When we began using RabbitMQ almost three years ago, we initially tried to have "strong" naming conventions which would clearly describe the intended behavior but were unable to prescribe anything logically consistent in all scenarios. As such, the naming evolved "in the wild" as deemed appropriate by the hands-on developer(s) over time. This process led to the looser conventions described below.
Generally, the queues are named:
<something descriptive>_<plural entity name>_q
The dead letter queues are always named (where dlx means "dead letter exchange"):
Other configurations might have a dead letter per queue instead of one dead letter per vhost.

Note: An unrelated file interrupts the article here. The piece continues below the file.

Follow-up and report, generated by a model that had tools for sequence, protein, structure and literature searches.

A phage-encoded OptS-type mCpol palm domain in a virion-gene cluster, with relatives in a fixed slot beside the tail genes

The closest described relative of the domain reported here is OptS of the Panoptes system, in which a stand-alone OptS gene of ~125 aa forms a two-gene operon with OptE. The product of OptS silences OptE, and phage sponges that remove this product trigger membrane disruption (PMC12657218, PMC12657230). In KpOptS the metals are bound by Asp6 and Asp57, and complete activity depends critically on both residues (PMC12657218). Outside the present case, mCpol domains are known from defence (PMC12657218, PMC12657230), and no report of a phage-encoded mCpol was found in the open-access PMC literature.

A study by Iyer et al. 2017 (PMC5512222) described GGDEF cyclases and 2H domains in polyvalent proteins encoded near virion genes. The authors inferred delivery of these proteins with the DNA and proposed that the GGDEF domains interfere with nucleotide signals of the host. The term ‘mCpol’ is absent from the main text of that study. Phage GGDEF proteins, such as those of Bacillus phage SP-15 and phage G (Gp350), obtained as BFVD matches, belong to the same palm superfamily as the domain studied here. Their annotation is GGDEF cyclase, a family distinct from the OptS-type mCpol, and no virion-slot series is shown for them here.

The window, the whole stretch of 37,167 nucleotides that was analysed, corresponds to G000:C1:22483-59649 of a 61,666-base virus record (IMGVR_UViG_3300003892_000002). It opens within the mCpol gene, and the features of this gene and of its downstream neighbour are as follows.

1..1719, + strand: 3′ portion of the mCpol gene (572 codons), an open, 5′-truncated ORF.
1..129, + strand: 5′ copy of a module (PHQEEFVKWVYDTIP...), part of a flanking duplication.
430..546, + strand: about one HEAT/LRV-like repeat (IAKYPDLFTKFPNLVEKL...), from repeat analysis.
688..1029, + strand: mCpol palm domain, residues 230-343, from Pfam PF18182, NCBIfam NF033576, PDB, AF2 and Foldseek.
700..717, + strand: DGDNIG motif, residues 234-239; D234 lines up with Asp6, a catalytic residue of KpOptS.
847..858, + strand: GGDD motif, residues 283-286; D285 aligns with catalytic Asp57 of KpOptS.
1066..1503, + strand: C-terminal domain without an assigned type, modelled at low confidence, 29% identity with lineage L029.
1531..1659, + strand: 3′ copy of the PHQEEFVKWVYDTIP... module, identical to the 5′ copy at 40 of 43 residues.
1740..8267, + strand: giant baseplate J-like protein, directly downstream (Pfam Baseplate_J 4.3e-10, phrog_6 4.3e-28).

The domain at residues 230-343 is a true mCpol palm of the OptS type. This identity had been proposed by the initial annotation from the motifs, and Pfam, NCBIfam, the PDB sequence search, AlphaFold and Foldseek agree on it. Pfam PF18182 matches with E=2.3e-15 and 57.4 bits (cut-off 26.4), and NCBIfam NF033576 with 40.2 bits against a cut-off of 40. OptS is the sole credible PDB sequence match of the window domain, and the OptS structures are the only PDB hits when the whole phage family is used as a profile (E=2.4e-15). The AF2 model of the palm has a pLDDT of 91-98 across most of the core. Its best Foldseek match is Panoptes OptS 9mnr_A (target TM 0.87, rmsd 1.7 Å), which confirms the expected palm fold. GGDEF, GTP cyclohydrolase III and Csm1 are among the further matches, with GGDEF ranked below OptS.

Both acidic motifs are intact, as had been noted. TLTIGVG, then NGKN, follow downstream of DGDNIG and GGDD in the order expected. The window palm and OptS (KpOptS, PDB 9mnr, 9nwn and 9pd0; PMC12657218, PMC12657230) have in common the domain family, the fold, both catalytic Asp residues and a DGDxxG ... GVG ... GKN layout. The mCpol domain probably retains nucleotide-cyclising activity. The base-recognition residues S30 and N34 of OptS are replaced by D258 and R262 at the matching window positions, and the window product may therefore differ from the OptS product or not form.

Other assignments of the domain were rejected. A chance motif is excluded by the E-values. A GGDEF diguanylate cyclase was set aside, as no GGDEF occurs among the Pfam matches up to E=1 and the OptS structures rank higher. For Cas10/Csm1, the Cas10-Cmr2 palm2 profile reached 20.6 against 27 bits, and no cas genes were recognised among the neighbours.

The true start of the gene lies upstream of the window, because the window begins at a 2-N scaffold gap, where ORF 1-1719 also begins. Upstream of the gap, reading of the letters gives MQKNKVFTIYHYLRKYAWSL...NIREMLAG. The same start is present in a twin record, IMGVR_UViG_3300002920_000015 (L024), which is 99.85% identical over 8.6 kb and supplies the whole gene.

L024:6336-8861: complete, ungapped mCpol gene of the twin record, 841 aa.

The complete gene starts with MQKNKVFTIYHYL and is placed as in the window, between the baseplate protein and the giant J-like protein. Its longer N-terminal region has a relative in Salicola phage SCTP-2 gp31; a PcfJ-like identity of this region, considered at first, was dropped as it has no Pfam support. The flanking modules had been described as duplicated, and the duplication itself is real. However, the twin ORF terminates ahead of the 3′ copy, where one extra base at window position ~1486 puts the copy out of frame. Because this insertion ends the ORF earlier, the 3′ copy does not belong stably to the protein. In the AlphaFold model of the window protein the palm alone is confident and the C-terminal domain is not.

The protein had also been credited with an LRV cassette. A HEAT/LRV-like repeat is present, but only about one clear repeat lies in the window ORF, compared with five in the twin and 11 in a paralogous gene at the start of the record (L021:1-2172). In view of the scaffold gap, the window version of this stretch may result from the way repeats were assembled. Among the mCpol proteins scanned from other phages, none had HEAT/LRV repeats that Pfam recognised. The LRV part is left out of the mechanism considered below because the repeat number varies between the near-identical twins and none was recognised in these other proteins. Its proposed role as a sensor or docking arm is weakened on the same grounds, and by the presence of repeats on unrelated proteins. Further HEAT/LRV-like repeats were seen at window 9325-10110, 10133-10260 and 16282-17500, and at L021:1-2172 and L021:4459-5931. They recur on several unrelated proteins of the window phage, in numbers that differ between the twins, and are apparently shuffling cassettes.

The exchanges are trickier. We use a suffix to denote the exchange type:
tx= topic exchange
fx= fanout exchange
dx= direct exchange
We strongly prefer and recommend topic exchanges because they’re the most flexible and can behave like either of the other types depending on the bindings.
The topic exchange name attempts to reflect the "class" of the routing keys.
For instance, if we’re publishing "trades", the exchange could be named:
And the routing keys on a message could be (e.g.):
The bindings would be:
nasdaq.# ⇒ nasdaq_trades_q
nasdaq.. ⇒ nasdaq_trades_q
nyse.# ⇒ nyse_trades_q
If requirements dictate, use the topic to multiplex to additional queues:
#.sell ⇒ all_sells_q
#.buy ⇒ all_buys_q
These are the patterns that have emerged over time which have helped us achieve a higher level of logical consistency.